When looking at Scottish culture you recognise the fact that Bonnie Prince Charlie was Italian, Mary Queen of Scots was French, the haggis and bagpipes originate in the Middle East and that tartan is largely an invention of Victorian England. Knowing this you can then appreciate that Scotland is indeed a truly international region of the globe, as we draw influences from across the world.
Scotland still makes true on its culture of having open arms to the world, by continuing to export innovations in the form of many fantastic business that have taken their product to global customers. If your business wants to join the list of companies flying the flag for Scotland on the international stage, you will need to stand out from competitors oversees. Our extensive experience have informed some key success criteria.
Firstly, if you want to differentiate yourself in a market you need to understand the market you are looking to enter through intelligence gathering. There are many research tools and much information available to hand if you are inquisitive, resourceful and plan what you are looking for. Research a target region, you customer will ensure you prepare properly in scoping all of the risks and opportunities for your business.
Secondly, you will need an intimate understanding of how you will create value for your new potential clients overseas and this might be different from how you bring benefit to local markets. A clear international value proposition ensures your business and brand offering relevantly and successfully connects with the target audience in each specific region. Marketing your products and services with the same benefits, messages and marketing across different regions of the globe is often seen as cost-effective and easy. But this approach can be dangerous. It can ruin your company’s reputation and limit your growth potential. A successful business, marketing approach and sometimes brand in one country, does not necessarily guarantee success in another.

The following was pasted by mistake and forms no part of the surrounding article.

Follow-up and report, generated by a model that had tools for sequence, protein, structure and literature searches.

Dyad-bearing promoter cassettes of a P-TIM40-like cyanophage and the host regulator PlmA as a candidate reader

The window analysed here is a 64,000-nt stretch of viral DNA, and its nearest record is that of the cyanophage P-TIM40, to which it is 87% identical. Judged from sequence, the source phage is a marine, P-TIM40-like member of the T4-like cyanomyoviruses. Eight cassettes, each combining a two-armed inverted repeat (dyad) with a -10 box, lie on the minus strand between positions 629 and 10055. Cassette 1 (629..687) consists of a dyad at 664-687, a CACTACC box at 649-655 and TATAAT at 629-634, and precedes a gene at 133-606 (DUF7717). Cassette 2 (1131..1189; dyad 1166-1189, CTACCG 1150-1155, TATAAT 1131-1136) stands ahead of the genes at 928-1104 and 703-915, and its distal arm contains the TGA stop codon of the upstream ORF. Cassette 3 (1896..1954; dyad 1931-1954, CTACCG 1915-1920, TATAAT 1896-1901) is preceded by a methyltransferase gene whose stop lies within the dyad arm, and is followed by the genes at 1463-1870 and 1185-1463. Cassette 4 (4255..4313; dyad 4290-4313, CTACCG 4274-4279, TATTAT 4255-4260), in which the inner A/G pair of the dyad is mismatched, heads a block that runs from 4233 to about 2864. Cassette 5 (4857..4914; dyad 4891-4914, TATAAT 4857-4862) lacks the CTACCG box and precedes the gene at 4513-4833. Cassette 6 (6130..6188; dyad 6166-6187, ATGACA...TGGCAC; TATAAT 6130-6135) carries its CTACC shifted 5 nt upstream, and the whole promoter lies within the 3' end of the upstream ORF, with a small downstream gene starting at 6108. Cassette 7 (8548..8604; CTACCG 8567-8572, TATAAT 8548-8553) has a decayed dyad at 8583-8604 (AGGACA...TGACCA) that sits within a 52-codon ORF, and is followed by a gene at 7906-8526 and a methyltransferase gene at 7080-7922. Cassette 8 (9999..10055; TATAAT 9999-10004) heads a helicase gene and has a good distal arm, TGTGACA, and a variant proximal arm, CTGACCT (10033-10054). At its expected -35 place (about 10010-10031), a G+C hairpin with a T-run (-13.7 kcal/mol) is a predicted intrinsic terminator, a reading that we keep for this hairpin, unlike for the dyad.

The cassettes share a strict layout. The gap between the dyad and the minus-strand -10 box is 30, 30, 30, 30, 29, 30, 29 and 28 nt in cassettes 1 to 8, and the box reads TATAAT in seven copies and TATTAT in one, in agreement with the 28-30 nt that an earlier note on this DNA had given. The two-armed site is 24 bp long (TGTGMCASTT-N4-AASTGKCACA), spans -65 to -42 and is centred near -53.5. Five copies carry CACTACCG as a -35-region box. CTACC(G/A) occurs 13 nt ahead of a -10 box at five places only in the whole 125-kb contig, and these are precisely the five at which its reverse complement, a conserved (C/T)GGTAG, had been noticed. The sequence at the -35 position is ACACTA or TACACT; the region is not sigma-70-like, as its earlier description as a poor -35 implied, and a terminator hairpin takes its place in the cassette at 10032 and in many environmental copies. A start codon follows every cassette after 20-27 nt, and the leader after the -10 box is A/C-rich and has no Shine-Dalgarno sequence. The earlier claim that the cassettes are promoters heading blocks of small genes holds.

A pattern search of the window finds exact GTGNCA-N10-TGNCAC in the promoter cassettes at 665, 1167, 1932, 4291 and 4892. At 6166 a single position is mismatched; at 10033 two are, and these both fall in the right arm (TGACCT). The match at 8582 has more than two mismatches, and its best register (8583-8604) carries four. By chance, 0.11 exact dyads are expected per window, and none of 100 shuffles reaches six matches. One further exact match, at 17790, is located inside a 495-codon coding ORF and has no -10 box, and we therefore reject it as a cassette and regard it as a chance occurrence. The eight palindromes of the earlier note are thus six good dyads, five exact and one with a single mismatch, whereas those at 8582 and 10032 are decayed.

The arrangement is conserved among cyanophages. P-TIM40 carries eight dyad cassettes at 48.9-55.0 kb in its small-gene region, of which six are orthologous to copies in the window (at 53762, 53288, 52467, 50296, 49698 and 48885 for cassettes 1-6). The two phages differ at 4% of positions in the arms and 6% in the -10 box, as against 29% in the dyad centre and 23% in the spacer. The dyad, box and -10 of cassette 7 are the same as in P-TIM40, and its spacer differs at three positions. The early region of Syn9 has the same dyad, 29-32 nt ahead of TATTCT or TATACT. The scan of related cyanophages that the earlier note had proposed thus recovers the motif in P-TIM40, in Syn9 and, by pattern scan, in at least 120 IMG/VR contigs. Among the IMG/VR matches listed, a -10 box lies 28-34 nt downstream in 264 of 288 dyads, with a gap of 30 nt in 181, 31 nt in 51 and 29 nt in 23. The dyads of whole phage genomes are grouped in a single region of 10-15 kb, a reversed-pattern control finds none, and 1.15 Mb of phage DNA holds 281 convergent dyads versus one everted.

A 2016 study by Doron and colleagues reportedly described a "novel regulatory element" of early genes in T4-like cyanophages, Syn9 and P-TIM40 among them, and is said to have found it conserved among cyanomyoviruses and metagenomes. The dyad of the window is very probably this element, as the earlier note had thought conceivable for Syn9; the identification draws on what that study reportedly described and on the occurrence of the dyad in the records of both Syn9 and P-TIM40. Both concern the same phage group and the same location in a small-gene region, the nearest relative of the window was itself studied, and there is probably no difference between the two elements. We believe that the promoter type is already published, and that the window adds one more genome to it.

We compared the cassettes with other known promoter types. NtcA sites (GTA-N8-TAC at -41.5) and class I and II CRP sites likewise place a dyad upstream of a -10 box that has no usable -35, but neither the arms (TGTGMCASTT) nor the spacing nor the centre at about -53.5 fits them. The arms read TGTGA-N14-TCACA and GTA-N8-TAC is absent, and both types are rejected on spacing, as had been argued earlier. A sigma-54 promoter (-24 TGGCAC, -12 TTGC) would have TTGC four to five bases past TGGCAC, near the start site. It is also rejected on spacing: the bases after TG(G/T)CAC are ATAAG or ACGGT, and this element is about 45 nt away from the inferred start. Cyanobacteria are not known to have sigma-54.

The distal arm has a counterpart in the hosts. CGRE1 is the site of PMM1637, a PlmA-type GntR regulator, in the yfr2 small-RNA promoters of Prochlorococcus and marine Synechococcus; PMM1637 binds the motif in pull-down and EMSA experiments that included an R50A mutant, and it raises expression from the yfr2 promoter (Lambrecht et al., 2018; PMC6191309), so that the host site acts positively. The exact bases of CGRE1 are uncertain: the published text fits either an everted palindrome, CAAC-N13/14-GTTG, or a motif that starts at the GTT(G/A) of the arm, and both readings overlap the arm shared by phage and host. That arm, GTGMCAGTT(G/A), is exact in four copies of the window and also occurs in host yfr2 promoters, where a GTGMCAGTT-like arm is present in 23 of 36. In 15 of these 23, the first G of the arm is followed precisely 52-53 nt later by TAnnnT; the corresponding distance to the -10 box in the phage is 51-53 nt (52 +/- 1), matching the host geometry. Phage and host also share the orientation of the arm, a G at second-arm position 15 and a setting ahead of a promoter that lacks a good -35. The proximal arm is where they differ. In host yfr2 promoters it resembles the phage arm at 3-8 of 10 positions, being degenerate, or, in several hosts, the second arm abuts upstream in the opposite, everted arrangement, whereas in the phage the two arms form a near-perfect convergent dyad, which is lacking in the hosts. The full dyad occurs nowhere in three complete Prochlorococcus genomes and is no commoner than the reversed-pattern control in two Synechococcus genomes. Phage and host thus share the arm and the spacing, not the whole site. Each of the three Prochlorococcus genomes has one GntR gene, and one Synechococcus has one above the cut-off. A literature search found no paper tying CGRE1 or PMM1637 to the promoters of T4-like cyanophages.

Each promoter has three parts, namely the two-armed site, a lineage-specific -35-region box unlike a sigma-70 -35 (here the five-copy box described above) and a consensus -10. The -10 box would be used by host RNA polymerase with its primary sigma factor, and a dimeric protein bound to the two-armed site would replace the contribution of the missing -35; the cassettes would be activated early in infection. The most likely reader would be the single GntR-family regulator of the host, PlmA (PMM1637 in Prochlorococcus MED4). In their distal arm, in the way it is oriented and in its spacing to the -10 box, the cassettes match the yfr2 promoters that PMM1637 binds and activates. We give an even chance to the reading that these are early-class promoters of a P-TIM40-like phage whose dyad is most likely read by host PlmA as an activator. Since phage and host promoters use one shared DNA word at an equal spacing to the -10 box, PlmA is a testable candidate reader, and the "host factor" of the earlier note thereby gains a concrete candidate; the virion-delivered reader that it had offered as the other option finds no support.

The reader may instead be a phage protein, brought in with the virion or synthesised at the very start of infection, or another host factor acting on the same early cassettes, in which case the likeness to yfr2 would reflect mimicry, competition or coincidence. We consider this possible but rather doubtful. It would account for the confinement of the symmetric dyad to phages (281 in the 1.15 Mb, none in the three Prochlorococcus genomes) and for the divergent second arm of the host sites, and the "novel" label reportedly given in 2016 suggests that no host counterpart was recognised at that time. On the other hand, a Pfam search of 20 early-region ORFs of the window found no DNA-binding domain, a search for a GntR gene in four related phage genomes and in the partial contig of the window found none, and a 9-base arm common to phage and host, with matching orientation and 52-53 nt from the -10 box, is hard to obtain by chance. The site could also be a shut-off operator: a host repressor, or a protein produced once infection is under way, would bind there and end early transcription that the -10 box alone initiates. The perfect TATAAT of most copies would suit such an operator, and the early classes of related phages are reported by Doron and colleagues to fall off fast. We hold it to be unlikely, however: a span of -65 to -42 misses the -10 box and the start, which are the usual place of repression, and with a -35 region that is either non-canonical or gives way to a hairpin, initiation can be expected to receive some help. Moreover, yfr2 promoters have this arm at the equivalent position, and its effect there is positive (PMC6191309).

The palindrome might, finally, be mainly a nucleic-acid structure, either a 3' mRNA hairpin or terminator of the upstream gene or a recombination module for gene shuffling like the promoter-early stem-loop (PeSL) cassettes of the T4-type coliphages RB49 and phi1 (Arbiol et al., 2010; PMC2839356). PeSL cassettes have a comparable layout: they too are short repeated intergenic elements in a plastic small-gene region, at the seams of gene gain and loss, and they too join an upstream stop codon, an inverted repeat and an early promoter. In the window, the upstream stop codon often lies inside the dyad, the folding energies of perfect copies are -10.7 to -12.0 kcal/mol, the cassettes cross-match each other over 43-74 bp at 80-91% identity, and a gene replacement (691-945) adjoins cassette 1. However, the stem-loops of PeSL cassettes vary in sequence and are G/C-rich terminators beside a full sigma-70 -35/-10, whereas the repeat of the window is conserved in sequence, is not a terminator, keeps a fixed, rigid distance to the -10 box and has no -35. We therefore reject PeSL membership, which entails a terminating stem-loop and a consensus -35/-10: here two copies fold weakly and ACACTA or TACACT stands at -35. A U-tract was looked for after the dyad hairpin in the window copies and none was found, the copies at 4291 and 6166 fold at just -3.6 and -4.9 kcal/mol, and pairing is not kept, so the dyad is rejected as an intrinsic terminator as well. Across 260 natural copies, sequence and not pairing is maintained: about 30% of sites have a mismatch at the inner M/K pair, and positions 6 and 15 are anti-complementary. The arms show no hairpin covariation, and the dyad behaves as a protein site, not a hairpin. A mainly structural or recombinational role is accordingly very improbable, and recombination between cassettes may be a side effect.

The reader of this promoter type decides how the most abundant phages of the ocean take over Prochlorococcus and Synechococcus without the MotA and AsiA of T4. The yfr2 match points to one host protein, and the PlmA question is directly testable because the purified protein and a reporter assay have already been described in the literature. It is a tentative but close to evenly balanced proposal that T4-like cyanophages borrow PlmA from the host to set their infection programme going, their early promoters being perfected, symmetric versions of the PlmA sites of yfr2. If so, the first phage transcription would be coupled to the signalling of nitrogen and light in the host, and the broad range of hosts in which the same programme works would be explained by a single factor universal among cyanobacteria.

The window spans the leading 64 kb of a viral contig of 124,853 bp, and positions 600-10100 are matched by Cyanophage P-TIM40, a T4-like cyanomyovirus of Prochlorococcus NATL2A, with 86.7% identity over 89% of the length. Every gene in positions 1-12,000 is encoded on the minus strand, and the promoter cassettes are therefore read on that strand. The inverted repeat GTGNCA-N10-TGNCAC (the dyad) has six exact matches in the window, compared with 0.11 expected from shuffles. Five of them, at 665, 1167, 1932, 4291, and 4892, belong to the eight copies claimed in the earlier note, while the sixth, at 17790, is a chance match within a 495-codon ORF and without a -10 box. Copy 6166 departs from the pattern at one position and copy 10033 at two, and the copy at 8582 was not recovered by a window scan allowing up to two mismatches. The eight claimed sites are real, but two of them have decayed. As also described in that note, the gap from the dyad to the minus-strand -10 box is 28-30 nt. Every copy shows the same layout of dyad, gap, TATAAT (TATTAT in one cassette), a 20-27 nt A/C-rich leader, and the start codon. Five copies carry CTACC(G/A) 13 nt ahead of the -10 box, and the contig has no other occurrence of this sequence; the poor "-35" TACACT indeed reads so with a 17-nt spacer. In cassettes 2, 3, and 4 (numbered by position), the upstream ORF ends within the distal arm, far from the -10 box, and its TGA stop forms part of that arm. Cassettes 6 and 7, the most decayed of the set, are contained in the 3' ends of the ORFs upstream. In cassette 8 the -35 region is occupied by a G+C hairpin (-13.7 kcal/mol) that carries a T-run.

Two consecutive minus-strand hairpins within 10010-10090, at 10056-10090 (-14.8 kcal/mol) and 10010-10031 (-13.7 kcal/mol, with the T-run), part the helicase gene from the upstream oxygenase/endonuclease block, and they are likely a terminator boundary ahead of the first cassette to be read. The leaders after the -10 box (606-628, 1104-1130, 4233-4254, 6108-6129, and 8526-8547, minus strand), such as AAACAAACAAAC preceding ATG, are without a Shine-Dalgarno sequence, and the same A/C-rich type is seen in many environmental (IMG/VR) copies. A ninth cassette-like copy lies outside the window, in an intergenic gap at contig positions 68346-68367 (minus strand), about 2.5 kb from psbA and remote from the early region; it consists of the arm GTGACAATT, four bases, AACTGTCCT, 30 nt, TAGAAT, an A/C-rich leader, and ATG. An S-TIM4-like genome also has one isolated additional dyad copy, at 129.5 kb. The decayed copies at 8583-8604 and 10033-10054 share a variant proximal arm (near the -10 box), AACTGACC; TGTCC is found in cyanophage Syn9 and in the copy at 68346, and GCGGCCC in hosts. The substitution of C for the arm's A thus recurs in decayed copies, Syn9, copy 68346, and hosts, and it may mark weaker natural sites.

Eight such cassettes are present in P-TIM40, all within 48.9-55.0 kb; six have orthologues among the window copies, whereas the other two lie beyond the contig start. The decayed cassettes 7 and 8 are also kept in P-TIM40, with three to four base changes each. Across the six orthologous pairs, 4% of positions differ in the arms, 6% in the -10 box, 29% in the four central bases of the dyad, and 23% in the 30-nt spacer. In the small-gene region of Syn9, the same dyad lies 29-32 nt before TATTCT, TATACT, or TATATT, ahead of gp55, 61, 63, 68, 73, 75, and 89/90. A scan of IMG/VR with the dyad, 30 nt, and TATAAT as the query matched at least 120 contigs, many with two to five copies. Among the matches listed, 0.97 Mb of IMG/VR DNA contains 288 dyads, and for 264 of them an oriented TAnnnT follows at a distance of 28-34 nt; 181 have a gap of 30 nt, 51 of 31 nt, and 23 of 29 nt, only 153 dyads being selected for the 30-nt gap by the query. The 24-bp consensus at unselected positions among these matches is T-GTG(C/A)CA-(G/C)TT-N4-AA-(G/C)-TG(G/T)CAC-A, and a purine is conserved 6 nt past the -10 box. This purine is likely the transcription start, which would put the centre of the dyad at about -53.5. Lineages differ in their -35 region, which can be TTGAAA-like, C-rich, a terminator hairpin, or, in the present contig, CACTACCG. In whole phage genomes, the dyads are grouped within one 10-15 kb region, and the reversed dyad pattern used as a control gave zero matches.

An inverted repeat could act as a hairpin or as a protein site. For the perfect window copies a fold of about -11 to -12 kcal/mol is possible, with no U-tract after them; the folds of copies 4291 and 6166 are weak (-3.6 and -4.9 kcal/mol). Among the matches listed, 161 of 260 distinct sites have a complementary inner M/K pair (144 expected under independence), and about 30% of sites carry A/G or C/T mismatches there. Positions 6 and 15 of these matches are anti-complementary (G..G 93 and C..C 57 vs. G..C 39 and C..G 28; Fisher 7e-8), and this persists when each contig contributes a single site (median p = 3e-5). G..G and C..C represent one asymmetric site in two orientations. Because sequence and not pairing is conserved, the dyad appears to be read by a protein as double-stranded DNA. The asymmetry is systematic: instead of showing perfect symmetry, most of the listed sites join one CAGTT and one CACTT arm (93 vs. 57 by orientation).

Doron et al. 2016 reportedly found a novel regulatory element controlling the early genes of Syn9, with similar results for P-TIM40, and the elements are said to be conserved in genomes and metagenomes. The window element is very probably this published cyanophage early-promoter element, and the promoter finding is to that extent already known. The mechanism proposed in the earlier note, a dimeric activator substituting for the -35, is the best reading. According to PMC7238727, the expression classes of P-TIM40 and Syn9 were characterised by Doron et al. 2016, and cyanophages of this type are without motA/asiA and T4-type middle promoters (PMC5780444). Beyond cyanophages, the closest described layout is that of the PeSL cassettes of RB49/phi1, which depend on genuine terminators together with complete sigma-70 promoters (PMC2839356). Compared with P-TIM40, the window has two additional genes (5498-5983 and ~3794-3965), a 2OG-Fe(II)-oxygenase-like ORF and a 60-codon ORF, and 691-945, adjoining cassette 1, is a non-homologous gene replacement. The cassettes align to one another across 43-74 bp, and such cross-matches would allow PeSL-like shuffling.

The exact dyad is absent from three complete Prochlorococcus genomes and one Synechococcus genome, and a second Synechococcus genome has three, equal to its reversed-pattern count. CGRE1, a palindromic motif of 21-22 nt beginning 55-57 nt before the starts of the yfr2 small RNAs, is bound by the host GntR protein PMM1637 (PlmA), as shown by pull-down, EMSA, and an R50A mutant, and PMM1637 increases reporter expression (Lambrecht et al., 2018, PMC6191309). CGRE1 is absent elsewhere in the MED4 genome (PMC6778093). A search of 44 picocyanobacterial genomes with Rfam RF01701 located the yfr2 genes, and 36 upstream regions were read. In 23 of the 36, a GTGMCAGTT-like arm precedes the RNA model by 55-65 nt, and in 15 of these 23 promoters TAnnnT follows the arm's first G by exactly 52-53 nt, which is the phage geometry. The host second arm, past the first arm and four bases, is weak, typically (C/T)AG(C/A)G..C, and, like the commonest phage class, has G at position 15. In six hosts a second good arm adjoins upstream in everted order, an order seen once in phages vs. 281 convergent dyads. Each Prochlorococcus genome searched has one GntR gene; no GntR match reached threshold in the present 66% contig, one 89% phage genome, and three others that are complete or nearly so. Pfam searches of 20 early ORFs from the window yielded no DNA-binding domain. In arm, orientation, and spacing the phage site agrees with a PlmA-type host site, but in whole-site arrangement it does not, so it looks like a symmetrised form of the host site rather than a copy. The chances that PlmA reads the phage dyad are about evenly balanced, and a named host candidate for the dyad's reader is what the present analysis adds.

Consider the strategic options open to you – will you sell directly or via a partner, agent, distributor? – what are the pros and cons of each option and how does regional practice, law and culture impact your decision?
Next, you need a clear action plan, that needs properly resourced, a stage many businesses don’t think through in enough detail. Resource planning should cover all aspects of the business such as finance, legal, commercial, sales, technical, operations and marketing, and come with ownership and buy-in from all employees.
How you will support your sales entry strategy into new markets with an effective marketing strategy also needs careful customisation. How will your language and culturally aligned tone of voice ensure relevancy? By considering all of these elements businesses are able to plan, prepare and enter new markets whilst differentiating themselves from the competition.
Claire Kinloch is MD of Genoa Black